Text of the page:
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Plastids pp 341-365 | Cite as

Genetic Analysis of Chloroplast Biogenesis, and Function and Mutant Collections

  • Sho Fujii
  • Hajime Wada
  • Koichi Kobayashi
Protocol
Part of the Methods in Molecular Biology book series (MIMB, volume 1829)

Abstract

Since the time DNA was discovered as the code of life, genetic analysis has greatly advanced our understanding of the relation between genotype and phenotype and associated molecular mechanisms in various organisms including plants and algae. Forward genetics from phenotype to genotype has identified causal genes of interesting phenotypes induced by chemical, ionizing-radiation, or DNA insertional mutagenesis. Meanwhile, reverse genetics from genotype to phenotype has revealed physiological and molecular roles of known gene sequences. During the past dozen years, many molecular genetic tools have been developed to investigate gene functions quickly and efficiently. In this chapter, we introduce several approaches of forward and reverse genetics, including random chemical and DNA insertional mutagenesis, activation tagging, RNA interference, and gene overexpression and induction systems, with some examples of genetic studies of chloroplast biology mainly in Arabidopsis thaliana. We also briefly describe methods for chemical and DNA insertion mutagenesis and how to obtain sequence-tagged mutants from public collections. With greatly improved DNA sequencing and genome-editing technologies, model organisms as well as diverse species can be used for molecular biology. Genetic analysis can play an increasingly important role in elucidating chloroplast biogenesis and functions.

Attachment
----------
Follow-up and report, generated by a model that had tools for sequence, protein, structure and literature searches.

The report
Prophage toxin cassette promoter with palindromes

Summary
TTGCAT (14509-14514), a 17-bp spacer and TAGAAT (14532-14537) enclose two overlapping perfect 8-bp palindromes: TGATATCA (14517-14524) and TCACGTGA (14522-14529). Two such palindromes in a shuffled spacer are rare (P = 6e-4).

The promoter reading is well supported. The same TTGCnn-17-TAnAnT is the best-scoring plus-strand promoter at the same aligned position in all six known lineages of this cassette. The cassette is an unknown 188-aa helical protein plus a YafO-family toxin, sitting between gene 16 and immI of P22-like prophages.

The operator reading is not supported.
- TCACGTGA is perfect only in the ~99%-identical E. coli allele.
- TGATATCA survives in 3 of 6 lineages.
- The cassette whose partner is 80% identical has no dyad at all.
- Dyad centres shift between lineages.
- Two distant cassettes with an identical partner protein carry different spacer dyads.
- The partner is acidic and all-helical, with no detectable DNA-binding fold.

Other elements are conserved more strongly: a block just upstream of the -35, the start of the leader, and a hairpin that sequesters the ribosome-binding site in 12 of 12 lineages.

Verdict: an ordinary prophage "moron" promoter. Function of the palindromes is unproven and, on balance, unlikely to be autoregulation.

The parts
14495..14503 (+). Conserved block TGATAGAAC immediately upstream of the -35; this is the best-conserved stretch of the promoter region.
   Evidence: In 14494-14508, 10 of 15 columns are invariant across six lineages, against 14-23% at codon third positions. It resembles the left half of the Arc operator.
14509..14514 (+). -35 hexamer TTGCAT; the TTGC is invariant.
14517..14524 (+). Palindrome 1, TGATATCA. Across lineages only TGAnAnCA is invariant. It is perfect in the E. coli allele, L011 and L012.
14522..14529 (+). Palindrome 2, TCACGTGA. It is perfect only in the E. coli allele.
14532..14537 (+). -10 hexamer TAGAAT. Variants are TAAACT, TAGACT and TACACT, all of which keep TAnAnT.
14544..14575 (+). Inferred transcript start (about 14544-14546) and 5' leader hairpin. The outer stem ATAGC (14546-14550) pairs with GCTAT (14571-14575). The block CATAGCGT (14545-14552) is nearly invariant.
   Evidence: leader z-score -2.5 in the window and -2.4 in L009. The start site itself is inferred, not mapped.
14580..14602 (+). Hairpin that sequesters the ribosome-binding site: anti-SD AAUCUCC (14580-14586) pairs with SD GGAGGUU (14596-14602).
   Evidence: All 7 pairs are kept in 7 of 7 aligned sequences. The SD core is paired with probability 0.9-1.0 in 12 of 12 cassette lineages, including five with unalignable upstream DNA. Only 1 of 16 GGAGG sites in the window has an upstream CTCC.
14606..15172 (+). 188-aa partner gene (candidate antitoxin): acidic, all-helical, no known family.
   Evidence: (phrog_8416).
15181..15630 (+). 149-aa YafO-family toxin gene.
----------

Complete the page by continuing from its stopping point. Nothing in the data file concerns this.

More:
Key words

Arabidopsis Chloroplast Forward genetics Reverse genetics Chlorophyll Photosynthesis Mutant 

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Authors and Affiliations

  1. 1.Department of Life Sciences, Graduate School of Arts and SciencesThe University of TokyoTokyoJapan
  2. 2.Faculty of Liberal Arts and SciencesOsaka Prefecture UniversitySakaiJapan

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